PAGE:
Flying Jet Lag and Sleep

Sleep is the time when the body regenerates; it is an essential function not a luxury. If you did not sleep you would fall into an emotional and physical decline. Sleep deprivation is a basic method of torture. Lack of sleep distorts reality and saps the will. When your sleep pattern is interrupted by jet lag you can literally ‘live in hell;’ not the ideal way to start a holiday or negotiate a business deal.

I often recommend to clients that they add a sleep or relaxation recording to their iPod. Use the relaxation routine a few times before you travel, this will make it familiar and you will be more inclined to follow its suggestions. Jersey clients will appreciate this one as they always have an extra flight at the beginning and end of a long journey.

Some general tips on maintaining a healthy sleep pattern.

Exercise can help to regulate sleep patterns in general, but vigorous exercise should not be undertaken two hours or less before sleep, as it stimulates adrenaline, which helps to keep you awake. If you wake up and can’t get back to sleep within half an hour, don’t lie there and watch the clock. Chances are you are thirsty, so go to the toilet and then drink some room temperature water. Cold water acts as a stimulant and will wake you even more. Read the same chapter of the book that you did earlier in the evening ( as it will be less exciting an dwon’t overstimulate your mind). Allow your body to cool down go back to bed.

To avoid jet lag, you should take a few basic precautions:

1. Do not drink alcohol, coffee, or soft drinks for a few days before the journey and while flying. They are diuretics and add to the dehydration.

2. While flying keep to light meals and drink plenty of water. Remember that the cabin pressure does drop, as does the water content of the air. At altitude the thing people need most is water.

3. Start a routine of getting settled before you go away; this will condition your body into getting into sleep mode. Take a relaxing bath, get into your nightwear and read for about 15 minutes. Don’t watch the news in bed or drink alcohol or coffee. The idea is to avoid stimulation so that you can begin to shut down. Remember what works for one person may not for another, find your own pattern and stick to it.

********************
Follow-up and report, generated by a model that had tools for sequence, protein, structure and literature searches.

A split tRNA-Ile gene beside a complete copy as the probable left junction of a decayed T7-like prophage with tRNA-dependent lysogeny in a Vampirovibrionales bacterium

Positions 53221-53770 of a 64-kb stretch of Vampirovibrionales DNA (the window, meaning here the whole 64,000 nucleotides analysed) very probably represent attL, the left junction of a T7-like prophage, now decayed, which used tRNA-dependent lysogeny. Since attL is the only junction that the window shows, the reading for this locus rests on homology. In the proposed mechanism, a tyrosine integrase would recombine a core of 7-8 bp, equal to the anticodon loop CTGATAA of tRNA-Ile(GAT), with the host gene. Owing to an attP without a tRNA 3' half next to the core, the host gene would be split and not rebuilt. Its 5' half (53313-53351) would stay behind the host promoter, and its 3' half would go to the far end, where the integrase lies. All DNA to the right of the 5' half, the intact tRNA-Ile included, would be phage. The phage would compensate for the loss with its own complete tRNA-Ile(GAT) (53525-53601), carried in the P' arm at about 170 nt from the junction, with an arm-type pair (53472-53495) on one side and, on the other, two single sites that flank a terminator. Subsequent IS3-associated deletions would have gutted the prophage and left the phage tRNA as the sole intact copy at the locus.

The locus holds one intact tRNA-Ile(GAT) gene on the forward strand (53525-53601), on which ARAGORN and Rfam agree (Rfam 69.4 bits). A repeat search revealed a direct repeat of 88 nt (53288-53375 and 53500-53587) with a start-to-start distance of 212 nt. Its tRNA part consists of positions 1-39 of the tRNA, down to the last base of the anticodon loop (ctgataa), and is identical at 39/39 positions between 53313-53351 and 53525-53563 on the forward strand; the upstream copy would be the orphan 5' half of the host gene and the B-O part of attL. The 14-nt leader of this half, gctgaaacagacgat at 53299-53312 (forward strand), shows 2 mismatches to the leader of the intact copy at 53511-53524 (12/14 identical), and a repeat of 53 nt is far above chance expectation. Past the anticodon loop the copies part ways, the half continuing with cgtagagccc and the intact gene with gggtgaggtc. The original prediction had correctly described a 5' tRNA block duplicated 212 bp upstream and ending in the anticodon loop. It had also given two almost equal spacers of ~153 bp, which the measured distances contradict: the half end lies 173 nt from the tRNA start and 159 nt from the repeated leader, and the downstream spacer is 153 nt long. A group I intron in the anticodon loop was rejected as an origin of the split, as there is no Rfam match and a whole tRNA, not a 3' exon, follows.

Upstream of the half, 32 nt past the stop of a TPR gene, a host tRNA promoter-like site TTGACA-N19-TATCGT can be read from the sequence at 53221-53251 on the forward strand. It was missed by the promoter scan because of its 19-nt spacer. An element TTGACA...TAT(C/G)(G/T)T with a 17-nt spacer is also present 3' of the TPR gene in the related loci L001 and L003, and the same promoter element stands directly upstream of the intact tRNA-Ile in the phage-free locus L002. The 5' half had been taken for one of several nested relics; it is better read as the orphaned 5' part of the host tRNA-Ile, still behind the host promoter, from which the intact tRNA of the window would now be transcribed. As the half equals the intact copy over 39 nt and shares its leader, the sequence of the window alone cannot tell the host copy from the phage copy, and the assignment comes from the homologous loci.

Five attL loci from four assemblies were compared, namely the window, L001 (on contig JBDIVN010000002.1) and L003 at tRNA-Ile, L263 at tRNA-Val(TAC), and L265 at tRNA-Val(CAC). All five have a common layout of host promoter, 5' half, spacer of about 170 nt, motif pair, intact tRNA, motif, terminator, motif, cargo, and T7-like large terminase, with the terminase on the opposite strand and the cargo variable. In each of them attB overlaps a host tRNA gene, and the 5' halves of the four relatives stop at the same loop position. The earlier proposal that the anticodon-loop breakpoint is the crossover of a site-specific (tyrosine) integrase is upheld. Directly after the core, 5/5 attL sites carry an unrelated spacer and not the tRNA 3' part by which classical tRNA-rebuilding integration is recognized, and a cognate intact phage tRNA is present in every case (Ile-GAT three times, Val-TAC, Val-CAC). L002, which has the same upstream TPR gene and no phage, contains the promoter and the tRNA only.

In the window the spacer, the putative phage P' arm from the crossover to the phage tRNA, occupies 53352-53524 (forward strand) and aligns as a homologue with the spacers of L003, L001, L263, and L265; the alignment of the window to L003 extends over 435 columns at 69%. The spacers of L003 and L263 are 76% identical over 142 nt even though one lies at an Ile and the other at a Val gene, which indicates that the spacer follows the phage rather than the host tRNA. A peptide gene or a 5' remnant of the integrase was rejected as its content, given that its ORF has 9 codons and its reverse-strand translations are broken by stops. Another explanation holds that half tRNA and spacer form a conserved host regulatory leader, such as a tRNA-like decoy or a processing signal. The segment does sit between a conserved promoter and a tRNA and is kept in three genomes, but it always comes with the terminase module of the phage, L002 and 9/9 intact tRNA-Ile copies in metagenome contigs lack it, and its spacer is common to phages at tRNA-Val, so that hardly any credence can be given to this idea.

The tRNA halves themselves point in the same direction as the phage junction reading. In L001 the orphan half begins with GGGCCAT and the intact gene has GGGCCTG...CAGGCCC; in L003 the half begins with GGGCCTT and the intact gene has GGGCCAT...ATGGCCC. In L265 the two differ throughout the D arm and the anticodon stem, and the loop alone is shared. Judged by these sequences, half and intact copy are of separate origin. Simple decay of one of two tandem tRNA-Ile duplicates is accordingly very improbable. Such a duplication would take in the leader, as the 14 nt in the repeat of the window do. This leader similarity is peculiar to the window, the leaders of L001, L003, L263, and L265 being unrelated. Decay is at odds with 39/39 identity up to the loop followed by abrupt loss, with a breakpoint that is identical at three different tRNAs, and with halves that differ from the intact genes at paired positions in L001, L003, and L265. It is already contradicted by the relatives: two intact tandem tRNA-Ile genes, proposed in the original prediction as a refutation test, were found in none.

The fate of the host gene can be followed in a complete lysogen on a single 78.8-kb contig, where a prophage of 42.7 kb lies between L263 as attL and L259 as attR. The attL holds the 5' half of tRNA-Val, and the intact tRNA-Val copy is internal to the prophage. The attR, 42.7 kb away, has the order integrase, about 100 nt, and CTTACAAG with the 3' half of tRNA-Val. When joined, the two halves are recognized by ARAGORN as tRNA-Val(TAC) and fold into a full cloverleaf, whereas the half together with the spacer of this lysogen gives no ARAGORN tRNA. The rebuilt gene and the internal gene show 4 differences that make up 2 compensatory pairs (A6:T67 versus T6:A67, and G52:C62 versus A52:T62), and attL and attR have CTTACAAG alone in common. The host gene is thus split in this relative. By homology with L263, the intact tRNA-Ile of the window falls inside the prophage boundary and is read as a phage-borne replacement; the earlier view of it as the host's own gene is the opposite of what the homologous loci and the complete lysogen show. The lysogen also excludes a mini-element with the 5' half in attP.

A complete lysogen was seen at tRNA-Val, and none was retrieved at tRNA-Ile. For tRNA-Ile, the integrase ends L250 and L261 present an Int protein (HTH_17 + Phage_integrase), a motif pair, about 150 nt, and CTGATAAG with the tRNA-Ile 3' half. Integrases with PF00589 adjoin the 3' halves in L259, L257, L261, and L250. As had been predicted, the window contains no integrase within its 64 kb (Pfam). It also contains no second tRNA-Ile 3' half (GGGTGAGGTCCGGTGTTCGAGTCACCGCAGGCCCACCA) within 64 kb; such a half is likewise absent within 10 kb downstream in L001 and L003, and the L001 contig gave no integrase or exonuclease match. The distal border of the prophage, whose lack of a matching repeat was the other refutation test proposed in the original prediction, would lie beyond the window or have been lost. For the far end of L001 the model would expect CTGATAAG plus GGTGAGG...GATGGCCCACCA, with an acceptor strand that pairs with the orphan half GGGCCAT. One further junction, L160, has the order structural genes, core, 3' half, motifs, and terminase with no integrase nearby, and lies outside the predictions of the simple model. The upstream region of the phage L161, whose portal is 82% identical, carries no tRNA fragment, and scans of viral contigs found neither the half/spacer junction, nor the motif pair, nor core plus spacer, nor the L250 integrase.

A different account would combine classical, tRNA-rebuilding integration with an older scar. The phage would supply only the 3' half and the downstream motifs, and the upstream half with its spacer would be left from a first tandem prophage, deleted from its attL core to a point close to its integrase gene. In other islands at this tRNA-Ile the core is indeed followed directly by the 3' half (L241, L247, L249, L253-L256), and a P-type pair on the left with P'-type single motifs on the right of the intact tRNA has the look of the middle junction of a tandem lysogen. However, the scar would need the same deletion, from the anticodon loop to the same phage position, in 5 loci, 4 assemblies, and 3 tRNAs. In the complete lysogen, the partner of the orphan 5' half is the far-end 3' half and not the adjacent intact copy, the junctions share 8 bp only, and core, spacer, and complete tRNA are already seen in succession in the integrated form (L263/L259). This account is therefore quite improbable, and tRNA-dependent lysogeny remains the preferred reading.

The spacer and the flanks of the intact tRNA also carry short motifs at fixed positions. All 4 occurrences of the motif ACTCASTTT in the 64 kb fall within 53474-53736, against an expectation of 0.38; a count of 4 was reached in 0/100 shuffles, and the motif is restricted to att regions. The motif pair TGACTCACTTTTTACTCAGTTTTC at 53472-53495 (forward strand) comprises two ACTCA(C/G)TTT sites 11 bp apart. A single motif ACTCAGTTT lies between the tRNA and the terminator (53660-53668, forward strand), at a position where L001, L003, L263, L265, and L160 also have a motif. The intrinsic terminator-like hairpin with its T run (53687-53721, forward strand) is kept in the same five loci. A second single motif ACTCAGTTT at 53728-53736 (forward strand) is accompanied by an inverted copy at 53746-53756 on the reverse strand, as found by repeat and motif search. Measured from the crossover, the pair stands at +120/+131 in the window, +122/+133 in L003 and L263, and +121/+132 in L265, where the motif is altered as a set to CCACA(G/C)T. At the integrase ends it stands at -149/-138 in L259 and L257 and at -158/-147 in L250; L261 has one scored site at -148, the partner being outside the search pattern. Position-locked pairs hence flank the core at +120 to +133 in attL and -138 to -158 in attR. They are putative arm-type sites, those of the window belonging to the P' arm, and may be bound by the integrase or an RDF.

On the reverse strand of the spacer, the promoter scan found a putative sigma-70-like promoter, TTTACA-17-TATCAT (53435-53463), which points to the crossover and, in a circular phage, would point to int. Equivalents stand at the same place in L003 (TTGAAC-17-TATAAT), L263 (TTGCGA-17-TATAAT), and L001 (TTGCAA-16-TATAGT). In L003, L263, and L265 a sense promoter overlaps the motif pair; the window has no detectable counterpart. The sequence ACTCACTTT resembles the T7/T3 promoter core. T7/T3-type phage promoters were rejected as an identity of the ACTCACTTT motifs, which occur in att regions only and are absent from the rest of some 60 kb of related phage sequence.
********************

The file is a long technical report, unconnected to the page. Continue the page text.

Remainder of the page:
4. Remember that part of the jet lag insomnia is lack of familiarity. Put familiar objects from beside your bed, photos etc, in your hotel room. Like animals, we respond to darkness, so turn the lights off, close the curtains and or use an eyeshade. Keep the room slightly cool not hot. Wear natural fabrics, as when you fly or sleep they enable the body to breathe more easily. When flying wear layers so you can put them on or take them off at need.

5. Walk around during your flight, as studies suggest that doing this can help to prevent deep vein thrombosis.

6. If you experience anxiety and stress because of flying, try listening to a relaxation tape before and during your flight. Drink a rehydration mix after flying and during the next day. Consider taking: B complex, magnesium supplement and trace minerals, herbal tea (chamomile) In flight.

While staying at your hotel:

Many people experience difficulty getting to sleep and also experience disturbed sleep when staying in a strange environment, which can leave them tired and drained and more vulnerable to opportunistic infections. To help prevent this and ensure you get a good nights rest, try: using an Eye mask, Neck pillow and Ear plugs. Drink plenty of water, read a relaxing book, and wear soft, loose, comfortable clothing. Eat light meals and request a quiet room. Put up the ‘do not disturb’ sign and leave some water out near your bed. Try to follow your usual ‘sleep routine’ as far as possible and get the switch board to hold all calls. Don’t allow the room to get too hot, and set out familiar objects If you do wake up, do the “back to sleep” routine. Have a massage during your stay if you can.